Home>Distribution>3PLs>Tips for retailers to achieve Omni-channel nirvana
Home>Automation>Automated handling>Tips for retailers to achieve Omni-channel nirvana
Home>Industry Sector>Retail/E-tail>Tips for retailers to achieve Omni-channel nirvana
ARTICLE

Tips for retailers to achieve Omni-channel nirvana

10 March 2014

Demanding clear stock visibility, keen predictive techniques and tightly managed fulfillment operations, delivery is the exciting and troubling heart of the Omni-channel experience. HSS editor Simon Duddy reports.

"The customer service and delivery experience isn't optimal yet, which is understandable as what we're trying to do is incredibly difficult. Customers used to do all the work, they'd go and find the product, and now we're trying to navigate through to them.” So said Sir Terry Leahy, ex-CEO of Tesco at The Delivery Conference recently. Difficult it might be, but retailers have to find a way to deliver the Omni-channel challenge - placing the customer at the heart of a consistent brand experience across all channels - and it starts far back from the front door of their customer.


Stock visibility is a critical building block for successful Omni-channel retail. But many retailers still take an operational view of stock, where availability is focused on the warehouse and not on the customer. 


Daren Ward, associate partner at Glue Reply explains: "Many retailers need to take a hard look at how they calculate availability. The key is to match availability with the promise; if stock is still on the container ship, with the appropriate promise the customer might be happy with a long lead-time. But when you make a promise, you need to keep it.”


The answer isn’t as simple as identifying stock in all locations or even at the suppliers’ locations.


Descartes EVP marketing & services Chris Jones adds: "You also need to understand what is in transit. That requires networked based solutions that integrate retailers, suppliers and logistics companies and links shipments with inventory and purchase orders.”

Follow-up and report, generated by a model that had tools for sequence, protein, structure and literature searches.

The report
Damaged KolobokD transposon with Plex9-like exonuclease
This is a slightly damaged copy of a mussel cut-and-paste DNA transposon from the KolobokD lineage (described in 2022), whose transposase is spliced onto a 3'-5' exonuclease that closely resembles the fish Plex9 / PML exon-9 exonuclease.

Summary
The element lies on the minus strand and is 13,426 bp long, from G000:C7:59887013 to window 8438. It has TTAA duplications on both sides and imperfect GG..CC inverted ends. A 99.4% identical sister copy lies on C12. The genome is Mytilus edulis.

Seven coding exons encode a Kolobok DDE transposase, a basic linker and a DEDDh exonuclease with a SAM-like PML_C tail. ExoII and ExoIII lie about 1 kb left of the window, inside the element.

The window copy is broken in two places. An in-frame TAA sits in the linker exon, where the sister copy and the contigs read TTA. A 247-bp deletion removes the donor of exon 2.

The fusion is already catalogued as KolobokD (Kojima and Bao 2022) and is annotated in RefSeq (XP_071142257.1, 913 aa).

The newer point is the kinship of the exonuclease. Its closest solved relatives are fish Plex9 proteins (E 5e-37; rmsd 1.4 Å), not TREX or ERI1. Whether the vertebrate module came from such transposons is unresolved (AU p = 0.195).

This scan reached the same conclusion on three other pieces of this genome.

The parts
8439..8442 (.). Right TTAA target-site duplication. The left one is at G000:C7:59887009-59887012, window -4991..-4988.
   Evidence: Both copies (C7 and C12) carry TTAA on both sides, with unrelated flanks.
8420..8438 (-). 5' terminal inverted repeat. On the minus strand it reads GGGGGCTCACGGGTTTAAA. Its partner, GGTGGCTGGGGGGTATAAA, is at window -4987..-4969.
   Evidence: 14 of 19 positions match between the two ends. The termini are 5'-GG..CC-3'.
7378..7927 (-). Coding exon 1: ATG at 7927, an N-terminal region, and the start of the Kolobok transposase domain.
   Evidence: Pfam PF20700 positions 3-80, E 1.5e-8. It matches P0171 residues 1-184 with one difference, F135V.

Data is everything in this part of the process and one of the upsides of eCommerce is that it generates a vast quantify of useful information. For example, in-store if a product is missing from the shelf it’s impossible to know how many sales have been lost. Not so online.


Robyn Doyle, head of eCommerce strategy & planning at Dixons Retail explains: "When you're talking about online, we actually know how many people want a certain product, and how many couldn't have it and so there's a lot you can do to ensure that you're matching supply and demand.”


Meeting the integration challenge

The integration challenge for traditional retailers should not be underestimated. 

LCP Consulting retail partner Stuart Higgins says: "Setting a clear strategic direction is paramount for success and an essential first step. Delivery will require Board alignment and CEO as sponsor, as well as a commitment to invest significantly in the changes required.”

Higgins says the journey will take around three years and will involve addressing most business processes from range selection and deployment through to service proposition, delivery and all points in between. The role of stores, DCs and the whole operating model for the business needs to be redefined to integrate activities that have previously been seen as separate.

People and skills also need to be looked at. 

Higgins continues: "Rethink roles at the board table and then deeper into the organisation, just as you did when the idea of multichannel retailing first emerged. Changes in business processes, systems and behaviours mean you have to build or hire-in new skillsets. As an example, the role of store colleagues is changing with the advent of in-store collections, returns, in store ordering for home delivery which requires them to be able interact with customers very differently than they have done in the past – potentially providing an opportunity for further sales.”